Integrating nature into architecture

    Hofgarten, the first and oldest public garden in Germany, has officially moved back into the heart of the city thanks to Kö-Bogen II. The developers aimed at reinstating as much green as possible to the capital city of North Rhine-Westphalia, and succeeded in extending the greenery of the adjoining Hofgarten park into the inner city. Inspired by the Land Art movement, the composition of KII’s green facades enables the new building complex to oscillate in a deliberate indeterminacy between city and park.

    A comprehensive phyto-technological concept was developed in collaboration with the botanist Prof. Dr. Strauch from Beuth University of Applied Sciences in Berlin, and tested in a trial installation. The hornbeam species was intentionally selected as a native hardwood species that keeps its leaves in winter.

    Based on site analysis, structural requirements were defined, and the team developed a concept to supply water and nutrients, along with plant maintenance and regular pruning. In 2016, preparation of the facade’s hedge elements was started by a tree nursery and delivered in 2019 with a fully established root system.

    The integration of nature into architecture became a landmark of the project’s contemporary response to climate change. KII’s green covering protects the mixed-use buildings against the sun’s rays in summer, reducing urban heat, binding carbon dioxide, storing moisture, attenuating noise, and supporting biodiversity. “The aim of Kö-Bogen II is to pursue an overall ecological concept, explicitly to improve the city’s microclimate,” says Christoph Ingenhoven.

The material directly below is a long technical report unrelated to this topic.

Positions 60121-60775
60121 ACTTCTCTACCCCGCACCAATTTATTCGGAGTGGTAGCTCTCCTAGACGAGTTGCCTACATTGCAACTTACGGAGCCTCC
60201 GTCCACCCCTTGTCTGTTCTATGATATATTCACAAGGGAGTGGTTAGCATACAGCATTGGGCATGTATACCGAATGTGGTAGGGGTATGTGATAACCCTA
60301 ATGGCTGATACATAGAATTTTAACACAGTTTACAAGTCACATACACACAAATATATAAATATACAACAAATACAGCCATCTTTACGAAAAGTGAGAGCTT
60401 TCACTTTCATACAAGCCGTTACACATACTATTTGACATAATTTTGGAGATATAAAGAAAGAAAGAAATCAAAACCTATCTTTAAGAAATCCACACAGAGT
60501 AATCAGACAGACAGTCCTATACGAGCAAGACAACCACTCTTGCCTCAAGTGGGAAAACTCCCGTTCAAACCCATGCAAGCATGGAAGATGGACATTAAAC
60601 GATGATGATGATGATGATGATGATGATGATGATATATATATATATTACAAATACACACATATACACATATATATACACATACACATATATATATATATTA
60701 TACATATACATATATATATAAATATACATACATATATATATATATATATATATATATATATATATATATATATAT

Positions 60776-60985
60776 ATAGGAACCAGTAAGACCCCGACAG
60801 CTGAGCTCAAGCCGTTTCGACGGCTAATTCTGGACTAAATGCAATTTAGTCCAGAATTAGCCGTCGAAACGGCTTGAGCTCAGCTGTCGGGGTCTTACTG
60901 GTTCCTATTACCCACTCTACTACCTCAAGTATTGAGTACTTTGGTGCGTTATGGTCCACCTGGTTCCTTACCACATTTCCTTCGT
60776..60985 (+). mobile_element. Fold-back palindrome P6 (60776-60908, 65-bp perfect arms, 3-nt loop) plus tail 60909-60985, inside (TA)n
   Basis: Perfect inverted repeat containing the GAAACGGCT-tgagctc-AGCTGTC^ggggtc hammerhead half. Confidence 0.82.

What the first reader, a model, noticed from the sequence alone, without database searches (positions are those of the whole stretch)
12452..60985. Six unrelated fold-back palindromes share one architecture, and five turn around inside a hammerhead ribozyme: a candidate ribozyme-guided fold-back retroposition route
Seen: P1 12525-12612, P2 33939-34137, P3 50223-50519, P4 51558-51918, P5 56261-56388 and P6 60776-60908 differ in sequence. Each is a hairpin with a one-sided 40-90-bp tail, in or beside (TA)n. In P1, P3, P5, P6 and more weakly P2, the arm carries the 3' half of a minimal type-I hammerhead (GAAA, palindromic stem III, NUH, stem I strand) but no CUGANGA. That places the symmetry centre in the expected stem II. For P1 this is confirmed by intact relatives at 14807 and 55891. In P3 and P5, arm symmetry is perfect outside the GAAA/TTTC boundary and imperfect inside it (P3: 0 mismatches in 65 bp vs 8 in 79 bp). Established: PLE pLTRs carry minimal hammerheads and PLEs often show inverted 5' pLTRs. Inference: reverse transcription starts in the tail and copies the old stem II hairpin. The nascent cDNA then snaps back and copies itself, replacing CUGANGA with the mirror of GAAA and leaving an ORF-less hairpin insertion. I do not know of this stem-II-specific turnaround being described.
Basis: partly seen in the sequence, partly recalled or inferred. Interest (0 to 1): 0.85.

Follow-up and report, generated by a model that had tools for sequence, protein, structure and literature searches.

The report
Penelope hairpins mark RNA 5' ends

KII’s ecological benefit is equivalent to that of approximately 80 fully grown deciduous trees. Accordingly, the complex has become one of ingenhoven associates’ finest examples of its supergreen® concept – the firm’s signature comprehensive approach to sustainability.

    Considering the city as a whole

    Just one year after its completion, KII has won several international awards including the Prix Versailles: World Architecture and Design Award, as well as Gold Winner of the Grand Prix Du Design 2021: Category Architecture + Climate Change, Commercial Building. The project was recognised for its vision to reconcile Düsseldorf’s inner city with itself – considering the urban landscape as a whole rather than producing a reconstruction of a previous layout.

    Though a recent addition to the city’s public life, KII has already been integrated into Düsseldorf’s identity, so much so that its tourism board has featured Kö-Bogen II on the front page of its Visit Düsseldorf’s website. The photo depicts skateboarders performing tricks in the summer, as residents and visitors stroll by.  Kö-Bogen II was shortlisted by The World Architecture Festival (WAF) Awards in 2021 in the Mixed Use – Completed Buildings category. The 200-strong celebrates buildings and landscapes that were completed across the world between 2019 and 2021.